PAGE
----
Ten to fifteen years ago, some of us on this blog (well, both of us) were called fear-mongers, and worse, for trying to raise the alarum about the threat to our security posed by cyberattacks. Times certainly have changed—or at least attitudes. Today, Director of National Intelligence James Clapper, in testimony before the US Senate, listed the cyber threat first among all the national security threats the country faces – ahead of terrorism, transnational organized crime, and proliferation of Weapons of Mass Destruction. This follows on the heels of a speech yesterday by National Security Advisor Tom Donilon which cited “cyber intrusions emanating from China on an unprecedented scale” as a “key point of concern and discussion with China,” and President Obama’s warning in the State of the Union address of “the rapidly growing threat from cyber-attacks,” including our enemies’ focus on “the ability to sabotage our power grid, our financial institutions, and our air traffic control.”
The DNI’s testimony, which covered the Intelligence Community’s “World Wide Threat Assessment,” discussed the cyber threats posed by a variety of actors, including nation states, terrorist groups, “hacktivists,” and organized crime groups. Here are the most important excerpts:
“We judge that there is a remote chance of a major cyber attack against US critical infrastructure systems during the next two years that would result in long-term, wide-scale disruption of services, such as a regional power outage. The level of technical expertise and operational sophistication required for such an attack—including the ability to create physical damage or overcome mitigation factors like manual overrides—will be out of reach for most actors during this time frame. Advanced cyber actors—such as Russia and China—are unlikely to launch such a devastating attack against the United States outside of a military conflict or crisis that they believe threatens their vital interests.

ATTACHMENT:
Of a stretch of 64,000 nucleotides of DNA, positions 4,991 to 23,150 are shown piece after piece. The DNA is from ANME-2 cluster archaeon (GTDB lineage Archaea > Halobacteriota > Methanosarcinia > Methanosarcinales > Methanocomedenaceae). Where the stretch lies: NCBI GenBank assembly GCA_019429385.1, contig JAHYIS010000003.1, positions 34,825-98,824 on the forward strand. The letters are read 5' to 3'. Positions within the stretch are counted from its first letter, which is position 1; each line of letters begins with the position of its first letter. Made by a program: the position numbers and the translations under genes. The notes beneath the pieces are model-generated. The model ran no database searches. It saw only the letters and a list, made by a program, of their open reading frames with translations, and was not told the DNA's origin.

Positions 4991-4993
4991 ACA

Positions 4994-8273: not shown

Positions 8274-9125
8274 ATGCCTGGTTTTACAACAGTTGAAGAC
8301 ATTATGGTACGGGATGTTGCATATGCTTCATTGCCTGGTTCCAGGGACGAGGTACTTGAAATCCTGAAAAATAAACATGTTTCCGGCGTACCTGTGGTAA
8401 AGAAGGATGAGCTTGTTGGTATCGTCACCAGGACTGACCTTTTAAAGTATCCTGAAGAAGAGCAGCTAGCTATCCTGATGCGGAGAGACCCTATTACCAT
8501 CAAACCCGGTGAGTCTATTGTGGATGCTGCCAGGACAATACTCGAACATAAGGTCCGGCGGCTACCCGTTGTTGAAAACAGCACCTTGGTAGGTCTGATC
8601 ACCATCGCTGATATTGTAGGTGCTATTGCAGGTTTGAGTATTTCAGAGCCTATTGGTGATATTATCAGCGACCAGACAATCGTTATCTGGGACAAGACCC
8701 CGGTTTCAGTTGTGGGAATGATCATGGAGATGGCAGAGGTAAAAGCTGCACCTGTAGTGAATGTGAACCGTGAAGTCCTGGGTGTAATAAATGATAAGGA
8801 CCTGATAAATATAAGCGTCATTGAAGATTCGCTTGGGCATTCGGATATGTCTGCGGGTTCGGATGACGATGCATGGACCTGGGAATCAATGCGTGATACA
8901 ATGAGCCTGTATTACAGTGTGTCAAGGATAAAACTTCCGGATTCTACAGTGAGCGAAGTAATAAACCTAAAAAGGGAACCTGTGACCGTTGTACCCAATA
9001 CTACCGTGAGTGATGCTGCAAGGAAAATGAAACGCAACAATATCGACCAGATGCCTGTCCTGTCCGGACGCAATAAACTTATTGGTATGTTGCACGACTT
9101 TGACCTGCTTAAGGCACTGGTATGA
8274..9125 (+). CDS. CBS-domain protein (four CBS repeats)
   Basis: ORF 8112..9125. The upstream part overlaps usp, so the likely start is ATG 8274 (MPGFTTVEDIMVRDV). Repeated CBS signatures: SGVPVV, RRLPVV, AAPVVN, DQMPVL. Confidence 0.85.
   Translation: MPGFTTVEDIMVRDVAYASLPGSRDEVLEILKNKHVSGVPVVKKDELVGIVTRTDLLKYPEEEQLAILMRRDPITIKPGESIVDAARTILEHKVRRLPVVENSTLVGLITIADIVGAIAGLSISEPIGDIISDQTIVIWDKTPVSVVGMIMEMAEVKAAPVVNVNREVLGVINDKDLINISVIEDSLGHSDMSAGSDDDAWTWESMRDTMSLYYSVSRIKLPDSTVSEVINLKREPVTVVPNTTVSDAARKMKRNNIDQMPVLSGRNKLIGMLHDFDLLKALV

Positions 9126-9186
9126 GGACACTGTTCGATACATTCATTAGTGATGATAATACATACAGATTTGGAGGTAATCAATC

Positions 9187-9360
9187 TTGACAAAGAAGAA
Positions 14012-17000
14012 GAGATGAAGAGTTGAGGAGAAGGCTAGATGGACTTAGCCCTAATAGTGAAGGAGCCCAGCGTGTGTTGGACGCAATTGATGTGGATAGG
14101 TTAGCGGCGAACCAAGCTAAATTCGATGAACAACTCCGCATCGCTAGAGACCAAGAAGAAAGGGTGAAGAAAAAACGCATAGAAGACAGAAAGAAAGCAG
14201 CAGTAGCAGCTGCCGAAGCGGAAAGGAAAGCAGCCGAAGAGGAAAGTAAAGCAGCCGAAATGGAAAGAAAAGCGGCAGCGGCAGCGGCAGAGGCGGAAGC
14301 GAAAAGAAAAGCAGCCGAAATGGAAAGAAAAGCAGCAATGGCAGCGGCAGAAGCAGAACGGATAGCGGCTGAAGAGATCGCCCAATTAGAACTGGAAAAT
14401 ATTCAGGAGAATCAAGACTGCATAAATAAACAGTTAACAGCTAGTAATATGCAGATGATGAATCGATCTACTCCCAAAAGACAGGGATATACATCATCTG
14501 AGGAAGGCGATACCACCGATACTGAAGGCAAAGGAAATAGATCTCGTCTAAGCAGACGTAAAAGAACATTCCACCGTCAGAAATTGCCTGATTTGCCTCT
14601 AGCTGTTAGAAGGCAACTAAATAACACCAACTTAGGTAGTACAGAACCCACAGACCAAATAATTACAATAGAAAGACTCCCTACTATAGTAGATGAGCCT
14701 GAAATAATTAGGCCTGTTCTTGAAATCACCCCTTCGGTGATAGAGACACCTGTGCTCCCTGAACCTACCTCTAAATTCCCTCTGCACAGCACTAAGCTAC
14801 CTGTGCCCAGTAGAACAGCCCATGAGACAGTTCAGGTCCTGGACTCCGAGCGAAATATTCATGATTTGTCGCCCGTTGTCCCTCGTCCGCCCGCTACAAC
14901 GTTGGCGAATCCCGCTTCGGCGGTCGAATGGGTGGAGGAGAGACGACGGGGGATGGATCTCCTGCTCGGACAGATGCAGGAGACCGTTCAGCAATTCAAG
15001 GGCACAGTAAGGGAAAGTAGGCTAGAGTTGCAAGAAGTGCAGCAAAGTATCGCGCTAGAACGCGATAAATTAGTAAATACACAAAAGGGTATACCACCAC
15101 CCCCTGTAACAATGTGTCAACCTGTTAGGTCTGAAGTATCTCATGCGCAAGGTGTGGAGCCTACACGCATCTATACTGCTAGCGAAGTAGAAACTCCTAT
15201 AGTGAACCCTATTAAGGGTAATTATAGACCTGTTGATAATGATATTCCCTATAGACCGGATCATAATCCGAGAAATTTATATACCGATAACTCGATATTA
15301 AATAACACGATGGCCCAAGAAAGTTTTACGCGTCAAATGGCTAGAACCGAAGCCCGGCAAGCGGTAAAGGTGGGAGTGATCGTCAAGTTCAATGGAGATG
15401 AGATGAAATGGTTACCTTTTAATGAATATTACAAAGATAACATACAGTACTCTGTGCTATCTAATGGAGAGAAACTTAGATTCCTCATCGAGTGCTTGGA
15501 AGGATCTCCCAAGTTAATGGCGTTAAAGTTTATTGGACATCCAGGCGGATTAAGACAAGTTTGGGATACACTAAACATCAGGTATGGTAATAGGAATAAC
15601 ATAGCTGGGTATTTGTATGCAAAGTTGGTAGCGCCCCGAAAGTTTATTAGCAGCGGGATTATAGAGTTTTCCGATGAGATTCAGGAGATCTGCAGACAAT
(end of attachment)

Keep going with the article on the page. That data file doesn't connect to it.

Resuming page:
However, isolated state or nonstate actors might deploy less sophisticated cyber attacks as a form of retaliation or provocation. These less advanced but highly motivated actors could access some poorly protected US networks that control core functions, such as power generation, during the next two years, although their ability to leverage that access to cause high-impact, systemic disruptions will probably be limited. At the same time, there is a risk that unsophisticated attacks would have significant outcomes due to unexpected system configurations and mistakes, or that vulnerability at one node might spill over and contaminate other parts of a networked system.”
“Foreign intelligence and security services have penetrated numerous computer networks of US Government, business, academic, and private sector entities. Most detected activity has targeted unclassified networks connected to the Internet, but foreign cyber actors are also targeting classified networks. Importantly, much of the nation’s critical proprietary data are on sensitive but unclassified networks; the same is true for most of our closest allies.